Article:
Third, the stress coming from the comparisons and competition may captivate them and linger in their minds forever. In Oslo, students study not to obtain high grades or degrees, but to fulfill their interests. However, Korean students who have experienced “entrance exam hell” tend to gauge whether their efforts would put them in an advantageous position relative to their classmates, even after coming to Oslo. They unwittingly compete with others while studying, and furthermore, they view their lives as a sort of battle, which indicates that this point of view has become a habit imprinted on their brains, much like how I find myself overwhelmed by the fear that I felt as a boy again whenever I see juvenile delinquents. This is what the sense of fear and stress engraved into our amygdala does.

As such, “entrance exam hell” is a collective trauma and a calamity that all Koreans share today. The experience of cutthroat competition over the college entrance exam, which has become a rite of passage in their lives, is another form of violence that creates victims, devastates their bodies and minds, and inflicts on them a trauma that lasts for the rest of their lives. The standardization of colleges, the elimination of discrimination based on educational background, and the abolition of the current competitive entrance exam system altogether should be the goals that education in Korea today pursues.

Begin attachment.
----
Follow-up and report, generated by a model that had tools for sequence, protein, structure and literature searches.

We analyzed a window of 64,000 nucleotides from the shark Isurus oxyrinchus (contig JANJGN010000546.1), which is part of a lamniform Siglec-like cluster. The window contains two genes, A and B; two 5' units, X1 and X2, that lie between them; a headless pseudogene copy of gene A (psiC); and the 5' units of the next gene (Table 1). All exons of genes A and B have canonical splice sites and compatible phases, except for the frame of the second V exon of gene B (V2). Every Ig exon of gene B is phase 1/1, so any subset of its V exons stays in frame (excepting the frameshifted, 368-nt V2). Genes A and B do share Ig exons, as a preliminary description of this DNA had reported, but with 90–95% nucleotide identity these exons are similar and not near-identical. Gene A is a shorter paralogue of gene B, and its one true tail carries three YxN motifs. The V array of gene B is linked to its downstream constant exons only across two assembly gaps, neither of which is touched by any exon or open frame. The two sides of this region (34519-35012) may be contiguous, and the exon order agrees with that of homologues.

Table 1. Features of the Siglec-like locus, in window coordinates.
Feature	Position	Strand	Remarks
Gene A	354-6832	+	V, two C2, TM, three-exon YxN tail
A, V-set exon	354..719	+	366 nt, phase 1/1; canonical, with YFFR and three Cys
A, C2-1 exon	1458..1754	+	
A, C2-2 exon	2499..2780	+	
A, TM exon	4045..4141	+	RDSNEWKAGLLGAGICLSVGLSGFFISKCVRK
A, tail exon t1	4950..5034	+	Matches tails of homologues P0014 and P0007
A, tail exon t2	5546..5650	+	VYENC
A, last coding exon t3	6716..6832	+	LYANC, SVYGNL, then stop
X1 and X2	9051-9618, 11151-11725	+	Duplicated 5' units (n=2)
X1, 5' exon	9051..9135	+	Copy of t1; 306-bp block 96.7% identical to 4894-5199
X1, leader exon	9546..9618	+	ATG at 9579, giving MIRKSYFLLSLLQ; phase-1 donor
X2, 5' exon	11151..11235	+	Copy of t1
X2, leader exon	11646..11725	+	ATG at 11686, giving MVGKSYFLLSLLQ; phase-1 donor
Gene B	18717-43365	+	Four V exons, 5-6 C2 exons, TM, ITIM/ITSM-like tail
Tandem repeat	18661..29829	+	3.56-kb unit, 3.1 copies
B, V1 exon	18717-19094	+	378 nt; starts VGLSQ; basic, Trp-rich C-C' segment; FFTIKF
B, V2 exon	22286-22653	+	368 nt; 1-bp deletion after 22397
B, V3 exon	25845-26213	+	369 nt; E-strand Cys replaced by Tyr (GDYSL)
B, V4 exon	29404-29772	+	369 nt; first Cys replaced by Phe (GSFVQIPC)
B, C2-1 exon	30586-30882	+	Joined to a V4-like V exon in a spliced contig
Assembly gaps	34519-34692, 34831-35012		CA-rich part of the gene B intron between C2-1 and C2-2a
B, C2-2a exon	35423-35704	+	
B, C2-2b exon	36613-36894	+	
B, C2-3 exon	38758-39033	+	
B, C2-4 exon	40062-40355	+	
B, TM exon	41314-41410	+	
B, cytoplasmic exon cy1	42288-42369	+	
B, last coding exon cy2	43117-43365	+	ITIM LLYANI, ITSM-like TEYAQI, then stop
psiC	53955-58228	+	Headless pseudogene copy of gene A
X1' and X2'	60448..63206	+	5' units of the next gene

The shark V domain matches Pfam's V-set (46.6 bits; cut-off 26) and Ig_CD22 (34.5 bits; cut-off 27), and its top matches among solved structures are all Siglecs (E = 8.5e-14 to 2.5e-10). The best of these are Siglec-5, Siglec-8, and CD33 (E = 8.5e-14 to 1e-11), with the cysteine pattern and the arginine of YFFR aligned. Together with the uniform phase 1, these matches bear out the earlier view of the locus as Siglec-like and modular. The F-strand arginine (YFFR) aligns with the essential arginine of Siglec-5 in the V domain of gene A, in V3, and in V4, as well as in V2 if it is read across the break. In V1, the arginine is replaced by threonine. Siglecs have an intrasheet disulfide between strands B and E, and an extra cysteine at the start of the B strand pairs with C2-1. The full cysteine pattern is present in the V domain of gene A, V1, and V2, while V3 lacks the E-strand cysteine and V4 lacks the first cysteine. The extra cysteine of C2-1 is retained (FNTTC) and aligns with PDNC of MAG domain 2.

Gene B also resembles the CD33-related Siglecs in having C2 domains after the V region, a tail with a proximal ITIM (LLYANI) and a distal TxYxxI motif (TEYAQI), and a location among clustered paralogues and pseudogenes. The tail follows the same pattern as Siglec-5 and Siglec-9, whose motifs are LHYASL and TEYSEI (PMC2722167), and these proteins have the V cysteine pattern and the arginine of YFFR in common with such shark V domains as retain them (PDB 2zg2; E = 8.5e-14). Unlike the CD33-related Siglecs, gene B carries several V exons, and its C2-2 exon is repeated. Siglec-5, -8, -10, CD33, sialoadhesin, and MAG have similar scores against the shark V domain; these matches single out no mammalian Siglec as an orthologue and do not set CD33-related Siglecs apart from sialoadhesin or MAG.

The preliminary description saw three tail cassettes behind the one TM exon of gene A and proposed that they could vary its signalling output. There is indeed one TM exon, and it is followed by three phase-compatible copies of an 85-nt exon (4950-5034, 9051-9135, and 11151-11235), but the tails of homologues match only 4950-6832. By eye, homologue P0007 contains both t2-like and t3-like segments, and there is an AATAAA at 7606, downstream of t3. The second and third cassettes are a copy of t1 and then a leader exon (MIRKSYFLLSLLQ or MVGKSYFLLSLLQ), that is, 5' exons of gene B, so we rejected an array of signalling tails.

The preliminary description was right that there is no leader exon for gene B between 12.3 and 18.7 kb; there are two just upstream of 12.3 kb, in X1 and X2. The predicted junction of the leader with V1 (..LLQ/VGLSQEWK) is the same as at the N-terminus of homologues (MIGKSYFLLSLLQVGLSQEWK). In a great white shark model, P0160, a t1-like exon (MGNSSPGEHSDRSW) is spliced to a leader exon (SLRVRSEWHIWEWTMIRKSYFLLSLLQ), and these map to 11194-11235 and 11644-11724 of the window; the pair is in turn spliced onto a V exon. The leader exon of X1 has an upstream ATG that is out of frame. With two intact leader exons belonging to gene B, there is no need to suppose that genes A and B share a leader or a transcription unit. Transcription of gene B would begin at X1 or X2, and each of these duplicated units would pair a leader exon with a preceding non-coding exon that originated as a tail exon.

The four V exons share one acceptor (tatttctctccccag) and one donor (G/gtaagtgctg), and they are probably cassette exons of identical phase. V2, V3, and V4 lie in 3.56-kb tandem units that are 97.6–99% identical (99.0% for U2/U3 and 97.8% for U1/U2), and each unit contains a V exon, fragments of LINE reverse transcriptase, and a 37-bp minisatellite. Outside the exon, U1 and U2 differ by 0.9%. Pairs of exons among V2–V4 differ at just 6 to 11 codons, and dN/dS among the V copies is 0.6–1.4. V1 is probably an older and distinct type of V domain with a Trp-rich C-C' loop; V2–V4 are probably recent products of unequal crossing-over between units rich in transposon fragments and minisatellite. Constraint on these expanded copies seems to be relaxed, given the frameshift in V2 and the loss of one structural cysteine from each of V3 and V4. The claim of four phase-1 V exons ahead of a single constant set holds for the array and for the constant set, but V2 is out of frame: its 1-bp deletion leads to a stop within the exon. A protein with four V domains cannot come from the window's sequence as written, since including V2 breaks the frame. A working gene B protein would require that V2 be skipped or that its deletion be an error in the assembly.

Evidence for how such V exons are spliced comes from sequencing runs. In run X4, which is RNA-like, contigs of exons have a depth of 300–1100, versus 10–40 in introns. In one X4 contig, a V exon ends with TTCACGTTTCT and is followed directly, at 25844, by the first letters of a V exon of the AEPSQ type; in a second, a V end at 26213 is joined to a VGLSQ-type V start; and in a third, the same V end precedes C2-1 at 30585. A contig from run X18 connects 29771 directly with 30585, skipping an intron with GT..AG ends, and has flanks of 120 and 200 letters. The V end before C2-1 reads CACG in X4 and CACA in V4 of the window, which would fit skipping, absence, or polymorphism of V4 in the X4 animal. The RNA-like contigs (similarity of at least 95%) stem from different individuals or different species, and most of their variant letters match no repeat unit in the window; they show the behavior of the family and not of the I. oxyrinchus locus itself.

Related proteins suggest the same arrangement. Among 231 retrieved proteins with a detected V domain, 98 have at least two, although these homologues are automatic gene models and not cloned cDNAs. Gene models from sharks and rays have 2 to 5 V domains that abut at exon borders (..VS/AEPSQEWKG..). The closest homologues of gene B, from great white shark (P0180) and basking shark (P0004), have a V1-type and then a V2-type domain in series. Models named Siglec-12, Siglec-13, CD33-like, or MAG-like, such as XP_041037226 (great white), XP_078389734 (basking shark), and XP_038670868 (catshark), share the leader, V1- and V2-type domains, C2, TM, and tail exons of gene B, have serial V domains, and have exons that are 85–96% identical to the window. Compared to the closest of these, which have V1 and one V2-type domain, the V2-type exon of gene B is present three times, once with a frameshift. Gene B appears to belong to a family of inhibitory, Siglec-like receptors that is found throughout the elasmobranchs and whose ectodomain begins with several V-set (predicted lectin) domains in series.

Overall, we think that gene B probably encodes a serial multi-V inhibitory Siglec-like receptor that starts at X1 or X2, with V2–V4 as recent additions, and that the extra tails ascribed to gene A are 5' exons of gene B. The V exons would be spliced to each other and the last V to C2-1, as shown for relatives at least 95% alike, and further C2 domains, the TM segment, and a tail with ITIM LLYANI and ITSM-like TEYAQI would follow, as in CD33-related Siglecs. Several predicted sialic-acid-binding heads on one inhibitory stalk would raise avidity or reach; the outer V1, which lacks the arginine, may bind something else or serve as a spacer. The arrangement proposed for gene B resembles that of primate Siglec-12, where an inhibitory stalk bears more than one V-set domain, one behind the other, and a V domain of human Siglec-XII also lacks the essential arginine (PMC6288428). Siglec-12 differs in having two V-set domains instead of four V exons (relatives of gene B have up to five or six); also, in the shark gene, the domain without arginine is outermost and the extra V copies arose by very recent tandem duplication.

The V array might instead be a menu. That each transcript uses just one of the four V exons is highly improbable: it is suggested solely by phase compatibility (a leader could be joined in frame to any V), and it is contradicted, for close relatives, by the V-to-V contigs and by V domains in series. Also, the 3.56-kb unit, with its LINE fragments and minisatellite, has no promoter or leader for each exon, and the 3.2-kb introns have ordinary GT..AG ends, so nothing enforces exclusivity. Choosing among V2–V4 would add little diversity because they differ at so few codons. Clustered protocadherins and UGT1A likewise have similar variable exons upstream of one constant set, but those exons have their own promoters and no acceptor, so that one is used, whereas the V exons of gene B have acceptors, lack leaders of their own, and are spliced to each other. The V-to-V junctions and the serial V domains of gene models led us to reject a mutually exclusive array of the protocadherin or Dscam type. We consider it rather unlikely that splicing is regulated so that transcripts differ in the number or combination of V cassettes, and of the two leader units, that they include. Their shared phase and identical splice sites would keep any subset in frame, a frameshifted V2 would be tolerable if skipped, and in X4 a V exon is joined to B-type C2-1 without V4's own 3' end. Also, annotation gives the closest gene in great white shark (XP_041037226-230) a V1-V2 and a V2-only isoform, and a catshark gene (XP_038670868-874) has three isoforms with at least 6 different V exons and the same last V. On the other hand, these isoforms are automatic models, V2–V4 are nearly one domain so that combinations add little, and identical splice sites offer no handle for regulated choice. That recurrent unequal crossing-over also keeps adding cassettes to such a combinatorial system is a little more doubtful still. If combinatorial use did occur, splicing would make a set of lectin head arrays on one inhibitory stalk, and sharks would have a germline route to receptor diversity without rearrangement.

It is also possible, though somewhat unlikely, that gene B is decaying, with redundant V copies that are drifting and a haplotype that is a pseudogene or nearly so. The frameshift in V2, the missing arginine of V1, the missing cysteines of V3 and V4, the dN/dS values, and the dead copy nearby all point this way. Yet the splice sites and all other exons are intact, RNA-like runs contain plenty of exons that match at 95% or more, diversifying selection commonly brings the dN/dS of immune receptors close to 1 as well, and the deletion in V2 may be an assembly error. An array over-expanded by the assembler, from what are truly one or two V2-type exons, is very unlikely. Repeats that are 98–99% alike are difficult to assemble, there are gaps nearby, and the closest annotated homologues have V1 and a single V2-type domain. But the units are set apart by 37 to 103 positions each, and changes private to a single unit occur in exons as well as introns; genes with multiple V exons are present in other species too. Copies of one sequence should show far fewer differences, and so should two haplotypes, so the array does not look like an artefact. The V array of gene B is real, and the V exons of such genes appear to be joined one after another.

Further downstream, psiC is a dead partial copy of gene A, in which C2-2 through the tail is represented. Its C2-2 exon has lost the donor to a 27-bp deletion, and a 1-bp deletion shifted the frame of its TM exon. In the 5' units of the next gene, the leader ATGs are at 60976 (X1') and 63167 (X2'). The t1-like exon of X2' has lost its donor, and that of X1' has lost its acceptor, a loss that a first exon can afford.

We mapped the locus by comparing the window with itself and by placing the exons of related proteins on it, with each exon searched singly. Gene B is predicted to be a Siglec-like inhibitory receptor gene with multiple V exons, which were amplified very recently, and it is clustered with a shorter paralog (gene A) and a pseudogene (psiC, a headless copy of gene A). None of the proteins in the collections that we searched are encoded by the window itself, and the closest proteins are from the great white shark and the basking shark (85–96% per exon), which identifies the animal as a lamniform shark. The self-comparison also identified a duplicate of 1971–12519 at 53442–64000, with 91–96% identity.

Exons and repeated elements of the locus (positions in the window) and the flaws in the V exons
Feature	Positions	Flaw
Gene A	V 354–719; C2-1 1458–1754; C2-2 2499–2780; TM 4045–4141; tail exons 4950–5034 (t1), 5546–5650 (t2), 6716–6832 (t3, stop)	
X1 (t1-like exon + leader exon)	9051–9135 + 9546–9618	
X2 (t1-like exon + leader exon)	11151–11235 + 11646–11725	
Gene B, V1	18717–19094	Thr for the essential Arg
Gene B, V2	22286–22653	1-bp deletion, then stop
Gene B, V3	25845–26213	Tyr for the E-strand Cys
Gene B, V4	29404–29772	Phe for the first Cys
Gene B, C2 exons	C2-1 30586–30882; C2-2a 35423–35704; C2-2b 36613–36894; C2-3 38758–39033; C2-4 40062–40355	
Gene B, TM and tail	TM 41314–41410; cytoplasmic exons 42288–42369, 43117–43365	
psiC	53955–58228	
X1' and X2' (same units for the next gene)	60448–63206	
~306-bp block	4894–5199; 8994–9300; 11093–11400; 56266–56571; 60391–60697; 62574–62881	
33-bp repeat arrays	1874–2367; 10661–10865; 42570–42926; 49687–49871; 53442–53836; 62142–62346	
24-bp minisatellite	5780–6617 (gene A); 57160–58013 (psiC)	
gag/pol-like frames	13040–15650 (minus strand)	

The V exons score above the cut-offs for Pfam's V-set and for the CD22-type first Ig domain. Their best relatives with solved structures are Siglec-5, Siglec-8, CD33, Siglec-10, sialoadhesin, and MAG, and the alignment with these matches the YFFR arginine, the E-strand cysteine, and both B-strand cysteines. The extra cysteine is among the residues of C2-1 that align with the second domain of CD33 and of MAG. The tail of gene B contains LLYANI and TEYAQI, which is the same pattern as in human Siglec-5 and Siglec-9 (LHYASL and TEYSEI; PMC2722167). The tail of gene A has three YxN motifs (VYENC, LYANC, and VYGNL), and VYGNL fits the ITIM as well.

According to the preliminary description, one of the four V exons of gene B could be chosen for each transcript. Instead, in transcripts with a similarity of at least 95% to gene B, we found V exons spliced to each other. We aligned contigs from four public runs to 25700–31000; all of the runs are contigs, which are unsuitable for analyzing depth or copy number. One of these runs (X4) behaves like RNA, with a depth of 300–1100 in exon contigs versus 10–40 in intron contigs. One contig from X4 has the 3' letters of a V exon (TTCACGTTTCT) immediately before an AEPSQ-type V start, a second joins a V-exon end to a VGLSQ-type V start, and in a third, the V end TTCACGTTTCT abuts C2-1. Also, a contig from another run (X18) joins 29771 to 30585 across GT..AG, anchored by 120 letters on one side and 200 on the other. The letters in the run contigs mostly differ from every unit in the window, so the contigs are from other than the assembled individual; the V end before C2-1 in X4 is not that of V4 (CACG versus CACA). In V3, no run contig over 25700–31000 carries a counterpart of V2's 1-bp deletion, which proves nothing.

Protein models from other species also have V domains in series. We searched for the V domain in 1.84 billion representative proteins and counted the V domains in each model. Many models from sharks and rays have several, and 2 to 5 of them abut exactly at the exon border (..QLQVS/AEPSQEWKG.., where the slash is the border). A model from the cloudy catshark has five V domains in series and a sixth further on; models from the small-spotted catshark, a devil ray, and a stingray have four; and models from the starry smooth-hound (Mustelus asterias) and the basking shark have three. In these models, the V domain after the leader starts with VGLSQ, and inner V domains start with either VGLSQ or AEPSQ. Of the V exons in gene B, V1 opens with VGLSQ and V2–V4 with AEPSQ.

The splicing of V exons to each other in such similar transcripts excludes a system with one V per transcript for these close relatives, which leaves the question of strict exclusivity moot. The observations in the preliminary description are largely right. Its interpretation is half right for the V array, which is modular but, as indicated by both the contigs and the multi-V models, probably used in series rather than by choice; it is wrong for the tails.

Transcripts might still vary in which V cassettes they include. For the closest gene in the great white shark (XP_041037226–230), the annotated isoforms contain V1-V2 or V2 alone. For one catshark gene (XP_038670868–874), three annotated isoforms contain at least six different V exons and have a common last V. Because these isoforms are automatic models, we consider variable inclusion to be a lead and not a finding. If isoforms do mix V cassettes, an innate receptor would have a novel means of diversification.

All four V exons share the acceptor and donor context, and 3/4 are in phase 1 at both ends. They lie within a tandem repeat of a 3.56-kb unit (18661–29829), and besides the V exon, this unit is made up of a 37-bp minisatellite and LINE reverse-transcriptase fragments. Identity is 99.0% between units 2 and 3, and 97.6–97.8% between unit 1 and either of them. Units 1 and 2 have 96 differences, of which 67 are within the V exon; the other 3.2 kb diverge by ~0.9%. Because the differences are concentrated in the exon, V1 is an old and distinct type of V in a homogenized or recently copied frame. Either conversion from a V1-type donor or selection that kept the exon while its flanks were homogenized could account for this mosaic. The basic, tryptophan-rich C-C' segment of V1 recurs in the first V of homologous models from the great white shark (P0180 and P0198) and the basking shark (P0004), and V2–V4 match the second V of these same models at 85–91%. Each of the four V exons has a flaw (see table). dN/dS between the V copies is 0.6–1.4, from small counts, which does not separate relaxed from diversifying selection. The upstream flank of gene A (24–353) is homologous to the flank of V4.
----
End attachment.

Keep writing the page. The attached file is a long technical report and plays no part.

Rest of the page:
Pak Noja (Vladimir Tikhonov)

Pak majored in Korean history and received a Ph.D. in the history of Gaya at Moscow State University. Currently, he is professor of the history, society and politics of Korea and North Korean studies at the University of Oslo. Whenever he explains the problems of education in Korea, including the ranking of universities, in the Norwegian language, which has no such expressions as "a prestigious university", he feels shame and sadness at the same time. Pak dreams of a future where children can live happy and free from discrimination based on educational background, “entrance exam hell”, and a rigid disciplinary upbringing. He has one son and one daughter and is always faced with various educational problems in his daily life.